To make a portrait you can benefit from some understanding of how people look at and recognize faces. There are two types of recognition systems: visual and emotional.
visual recognition of faces
Visual facial recognition occurs in a special, dedicated part of the brain: the fusiform gyrus in the right temporal lobe. Recognition of most other things occur elsewhere in the brain. So portraits go to a place in the brain that landscapes, still life paintings, etc do not go.
We have a great deal of information processing ("wetware") in our brains for facial recognition which probably includes facial expressions and body language as well. This is why figure drawing and portrait drawing are such a good exercises. Because we have this area of our brain dedicated to the task, we can tell very easily when there is a mistake. John Singer Sargent said that a portrait is "a likeness with a little something wrong around the mouth". I take this to mean that the brain's facial recognition ability can defeat even the best of us.
It is much harder to spot something a little wrong, for example, with birds or even rainbows. In fact, many of the great artists painted and drew birds very badly. If, however, you happen to be a serious bird watcher, bird identification probably goes to the so-called facial recognition area also (it is obviously not only for faces but for recognition tasks that are important to the person). Consequently, you will probably be able to draw birds better than non bird watchers because you can be more critical of your results using the "facial recognition" part of the brain. Reubens has a rainbow in a painting with the colors going the wrong way.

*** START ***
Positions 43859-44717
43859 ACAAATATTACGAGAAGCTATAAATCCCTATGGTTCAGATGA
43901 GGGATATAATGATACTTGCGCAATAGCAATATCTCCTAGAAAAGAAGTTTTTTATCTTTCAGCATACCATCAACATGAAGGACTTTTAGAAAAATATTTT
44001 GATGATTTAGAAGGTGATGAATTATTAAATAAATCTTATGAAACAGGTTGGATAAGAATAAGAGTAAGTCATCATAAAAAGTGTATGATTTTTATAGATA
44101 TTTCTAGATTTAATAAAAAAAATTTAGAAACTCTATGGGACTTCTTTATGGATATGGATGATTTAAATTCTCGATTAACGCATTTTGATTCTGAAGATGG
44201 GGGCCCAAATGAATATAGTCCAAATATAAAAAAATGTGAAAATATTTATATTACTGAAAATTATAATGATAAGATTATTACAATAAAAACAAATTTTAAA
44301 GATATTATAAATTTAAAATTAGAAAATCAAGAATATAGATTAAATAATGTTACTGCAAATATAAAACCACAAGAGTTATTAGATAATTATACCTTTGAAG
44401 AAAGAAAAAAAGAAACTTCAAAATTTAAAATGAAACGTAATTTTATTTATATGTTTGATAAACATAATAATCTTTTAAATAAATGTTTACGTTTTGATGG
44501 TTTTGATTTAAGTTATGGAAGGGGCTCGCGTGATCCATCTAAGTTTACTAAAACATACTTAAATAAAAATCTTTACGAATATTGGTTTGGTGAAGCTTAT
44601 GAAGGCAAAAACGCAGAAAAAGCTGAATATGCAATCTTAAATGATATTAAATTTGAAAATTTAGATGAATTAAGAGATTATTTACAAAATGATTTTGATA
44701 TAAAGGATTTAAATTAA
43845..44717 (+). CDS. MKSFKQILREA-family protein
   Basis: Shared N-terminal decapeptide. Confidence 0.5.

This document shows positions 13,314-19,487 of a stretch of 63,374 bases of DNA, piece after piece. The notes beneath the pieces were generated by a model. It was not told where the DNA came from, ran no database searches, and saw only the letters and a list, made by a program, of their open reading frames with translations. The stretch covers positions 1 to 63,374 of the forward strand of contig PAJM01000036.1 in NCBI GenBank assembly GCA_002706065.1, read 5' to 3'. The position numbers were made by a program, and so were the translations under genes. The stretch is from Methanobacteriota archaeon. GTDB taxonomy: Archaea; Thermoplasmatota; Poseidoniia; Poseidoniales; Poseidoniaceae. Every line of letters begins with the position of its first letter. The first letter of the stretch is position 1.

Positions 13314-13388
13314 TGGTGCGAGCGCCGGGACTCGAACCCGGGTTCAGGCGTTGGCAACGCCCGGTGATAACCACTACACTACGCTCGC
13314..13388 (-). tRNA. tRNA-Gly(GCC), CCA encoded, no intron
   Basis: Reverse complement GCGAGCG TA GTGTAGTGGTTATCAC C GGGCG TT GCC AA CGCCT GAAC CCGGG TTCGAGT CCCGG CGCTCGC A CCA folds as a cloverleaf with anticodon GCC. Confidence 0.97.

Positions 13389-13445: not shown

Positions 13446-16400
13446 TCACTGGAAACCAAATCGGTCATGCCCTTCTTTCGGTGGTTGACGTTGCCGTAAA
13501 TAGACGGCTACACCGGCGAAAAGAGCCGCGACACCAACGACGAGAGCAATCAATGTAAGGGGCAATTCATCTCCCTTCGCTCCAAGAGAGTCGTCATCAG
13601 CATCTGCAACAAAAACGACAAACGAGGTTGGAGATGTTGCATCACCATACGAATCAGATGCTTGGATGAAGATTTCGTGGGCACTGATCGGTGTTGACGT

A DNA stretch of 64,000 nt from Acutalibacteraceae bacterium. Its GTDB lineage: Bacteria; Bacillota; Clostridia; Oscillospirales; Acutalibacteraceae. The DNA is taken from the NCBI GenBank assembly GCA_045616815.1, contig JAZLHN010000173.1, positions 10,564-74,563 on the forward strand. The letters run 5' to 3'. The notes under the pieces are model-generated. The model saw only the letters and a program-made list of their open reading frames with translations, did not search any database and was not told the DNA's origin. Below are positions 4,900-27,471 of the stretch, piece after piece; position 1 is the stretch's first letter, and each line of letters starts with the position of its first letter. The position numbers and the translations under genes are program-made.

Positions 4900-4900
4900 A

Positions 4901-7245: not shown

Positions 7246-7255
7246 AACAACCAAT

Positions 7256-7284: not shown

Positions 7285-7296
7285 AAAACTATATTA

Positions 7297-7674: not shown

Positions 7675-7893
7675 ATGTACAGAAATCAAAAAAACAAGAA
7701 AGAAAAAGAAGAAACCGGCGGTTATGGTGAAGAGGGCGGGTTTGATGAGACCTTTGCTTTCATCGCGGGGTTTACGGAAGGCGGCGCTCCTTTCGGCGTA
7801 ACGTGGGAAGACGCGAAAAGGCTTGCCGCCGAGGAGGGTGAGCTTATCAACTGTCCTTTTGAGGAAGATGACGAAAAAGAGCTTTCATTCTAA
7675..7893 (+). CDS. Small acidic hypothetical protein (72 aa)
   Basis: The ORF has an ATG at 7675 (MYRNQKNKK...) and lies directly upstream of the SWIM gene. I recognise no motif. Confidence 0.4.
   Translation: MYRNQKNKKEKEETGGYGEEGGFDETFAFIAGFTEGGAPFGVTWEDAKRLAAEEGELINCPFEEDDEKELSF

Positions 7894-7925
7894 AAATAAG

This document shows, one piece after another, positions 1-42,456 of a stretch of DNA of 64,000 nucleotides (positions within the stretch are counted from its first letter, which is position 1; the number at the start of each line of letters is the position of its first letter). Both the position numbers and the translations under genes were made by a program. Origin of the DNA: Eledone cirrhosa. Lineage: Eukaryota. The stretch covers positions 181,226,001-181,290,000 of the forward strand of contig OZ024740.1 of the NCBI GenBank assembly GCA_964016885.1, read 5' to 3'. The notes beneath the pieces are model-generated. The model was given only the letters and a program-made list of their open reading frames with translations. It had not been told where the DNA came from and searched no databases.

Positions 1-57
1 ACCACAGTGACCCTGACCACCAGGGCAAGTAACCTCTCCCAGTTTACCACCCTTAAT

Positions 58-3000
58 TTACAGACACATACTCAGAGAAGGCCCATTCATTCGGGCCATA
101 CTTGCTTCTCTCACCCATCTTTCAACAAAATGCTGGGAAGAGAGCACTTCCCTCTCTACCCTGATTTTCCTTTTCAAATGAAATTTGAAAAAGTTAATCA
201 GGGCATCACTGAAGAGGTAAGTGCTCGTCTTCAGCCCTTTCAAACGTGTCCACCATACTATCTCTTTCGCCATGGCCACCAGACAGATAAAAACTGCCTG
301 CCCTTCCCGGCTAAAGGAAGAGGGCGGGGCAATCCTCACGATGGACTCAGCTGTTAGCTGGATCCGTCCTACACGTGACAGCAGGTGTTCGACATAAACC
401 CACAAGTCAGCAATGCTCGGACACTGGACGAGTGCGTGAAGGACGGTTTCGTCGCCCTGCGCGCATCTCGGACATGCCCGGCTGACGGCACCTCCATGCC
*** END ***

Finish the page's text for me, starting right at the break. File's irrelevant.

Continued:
On the other hand, if you turn a portrait upside-down, the image is not recognized by the brain as a face and does not go to the face recognition area but to the general recognition area. This can be helpful sometimes as all artists know.
Some computer programs searching video tapes for faces do so by looking for the color orange as understood by the computer which includes a dark valued orange which happens to be how the computer sees African American skin color. However, it is thought that the brain recognizes a face as if it were a barcode by looking at the pattern of light bands on the face, just this coarse pattern. This is similar to the artist's understanding of color and value on the face: forehead light, middle of face darker and redder, and lower part of the face gray even in women. This set of three "bars" switches the image as it travels from the eye to the face recognition area.
The interesting thing about facial recognition is that some people are very good at it and some people are terrible at it. There are several tests for how good people are recognizing faces available on the internet (google "face recognition test"). At the very worst end of the spectrum there are people who are "face blind". This normal variation of abilities seems to run in families, appears to be a dominant gene, and more males have it than females. One estimate is that about 1 in 50 people have a significant degree of face blindness.
This can create a problem for an artist if his client has some degree of face blindness. For example, on tests of facial recognition, I do exceptionally well. My wife, on the other hand, is poor at it. The other day, I used what I thought was an "interesting" photograph to do a portrait of a friend. I showed it to my wife who couldn't recognize who it was. Before I got upset it occurred to me to show her the photograph. She couldn't recognize who it was from the photograph either. I have to be careful to make a portrait that the sitter can recognize. In this case a sketch or a photograph could be useful to test if that particular view reads well to the sitter.